A small room inside a downtown hotel Friday serves as the nerve center for the largest parade in Dallas since COVID-19 started.
This is just year two for the Dallas Dia de los Muertos Parade - and two years in the making.
Festival organizer Mauricio Navarro handles planning for the Dallas St. Patrick’s Parade and Festival too. He’s watched COVID-19 wipeout three events since March 2020.
“There’s still this haze over our country, so I’m really not sure,” Navarro said.
Saturday he expects at least 60,000 in Dallas to come together for a cultural event focused on remembering loved ones.
“I think there’s that drive now that people want to get out,” Navarro said. “I mean, the vaccination rates are going pretty well, so I foresee that we’re going to have a great event.”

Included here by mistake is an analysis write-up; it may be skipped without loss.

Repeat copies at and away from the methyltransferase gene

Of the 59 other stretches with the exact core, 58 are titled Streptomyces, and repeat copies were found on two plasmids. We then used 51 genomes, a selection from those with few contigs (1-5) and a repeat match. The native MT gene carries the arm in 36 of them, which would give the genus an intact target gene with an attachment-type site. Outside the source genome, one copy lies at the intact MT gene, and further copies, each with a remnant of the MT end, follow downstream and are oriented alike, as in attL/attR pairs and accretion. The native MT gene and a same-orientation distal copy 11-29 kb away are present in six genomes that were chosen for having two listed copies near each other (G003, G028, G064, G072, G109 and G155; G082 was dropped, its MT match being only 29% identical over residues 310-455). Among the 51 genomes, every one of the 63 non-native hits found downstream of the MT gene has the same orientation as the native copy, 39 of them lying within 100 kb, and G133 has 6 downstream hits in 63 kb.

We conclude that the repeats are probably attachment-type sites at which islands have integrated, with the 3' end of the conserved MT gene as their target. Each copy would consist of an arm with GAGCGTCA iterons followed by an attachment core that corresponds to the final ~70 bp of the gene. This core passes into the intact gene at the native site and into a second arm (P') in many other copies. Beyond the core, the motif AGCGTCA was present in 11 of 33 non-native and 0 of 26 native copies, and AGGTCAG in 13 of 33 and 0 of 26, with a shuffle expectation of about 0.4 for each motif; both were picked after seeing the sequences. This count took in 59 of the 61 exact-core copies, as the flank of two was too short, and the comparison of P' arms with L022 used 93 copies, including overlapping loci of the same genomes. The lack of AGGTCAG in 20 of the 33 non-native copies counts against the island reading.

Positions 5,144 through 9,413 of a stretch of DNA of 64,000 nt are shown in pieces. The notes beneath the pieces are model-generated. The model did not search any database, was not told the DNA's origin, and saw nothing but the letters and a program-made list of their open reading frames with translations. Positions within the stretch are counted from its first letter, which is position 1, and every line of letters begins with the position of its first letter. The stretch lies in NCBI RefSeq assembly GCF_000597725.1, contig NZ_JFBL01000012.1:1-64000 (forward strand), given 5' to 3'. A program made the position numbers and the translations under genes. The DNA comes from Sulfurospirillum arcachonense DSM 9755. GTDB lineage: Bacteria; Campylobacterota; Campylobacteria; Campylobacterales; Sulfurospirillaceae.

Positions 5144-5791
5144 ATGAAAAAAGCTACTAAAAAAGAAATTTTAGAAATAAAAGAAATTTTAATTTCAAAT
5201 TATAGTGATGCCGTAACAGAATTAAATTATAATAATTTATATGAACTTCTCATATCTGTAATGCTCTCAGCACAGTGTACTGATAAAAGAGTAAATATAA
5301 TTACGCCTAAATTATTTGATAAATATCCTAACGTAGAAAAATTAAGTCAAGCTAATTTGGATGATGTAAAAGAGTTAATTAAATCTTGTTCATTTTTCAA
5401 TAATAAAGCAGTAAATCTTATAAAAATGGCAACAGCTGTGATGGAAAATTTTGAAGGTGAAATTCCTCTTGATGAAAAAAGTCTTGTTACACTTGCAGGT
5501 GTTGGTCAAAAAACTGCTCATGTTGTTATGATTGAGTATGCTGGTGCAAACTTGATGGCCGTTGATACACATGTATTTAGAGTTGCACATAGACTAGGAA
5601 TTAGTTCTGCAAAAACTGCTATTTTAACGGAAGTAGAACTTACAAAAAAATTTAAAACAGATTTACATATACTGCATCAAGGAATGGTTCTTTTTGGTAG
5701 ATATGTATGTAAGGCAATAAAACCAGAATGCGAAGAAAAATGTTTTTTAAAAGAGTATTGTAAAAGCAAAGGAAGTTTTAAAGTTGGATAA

Steve Love with the DFW Hospital Council says he’s encouraged by the latest COVID numbers.
The latest news from around North Texas.
Trauma Service Area E, which covers North Texas, currently has approximately 1000 patients hospitalized due to COVID-19 compared to 3500 five weeks ago during the peak of the Delta variant.
He says higher vaccination rates combined with the virus cycling through more people has led to the decline.
“We want to get this virus out of the Metroplex as quickly as we can,” Love said.
But as Halloween unofficially kicks off the holiday season, Love says he doesn’t want to see another unexpected wave of illness as more of us gather with family and friends.
“If we kind of let our guard down and ‘say well COVID is decreasing, I no longer need to wear a mask’ all of a sudden we could have a pretty severe flu season,” Love said.
Navarro hopes the weather and breeze will help turnout on Saturday as Dallas welcomes the return of the parade.
“We’re going to try and keep it as safe as possible. We know we’re living through a pandemic,” Navarro said.
The festival begins at 2 p.m. on the plaza of Dallas City Hall and runs until 10 p.m. The parade begins at 6 p.m.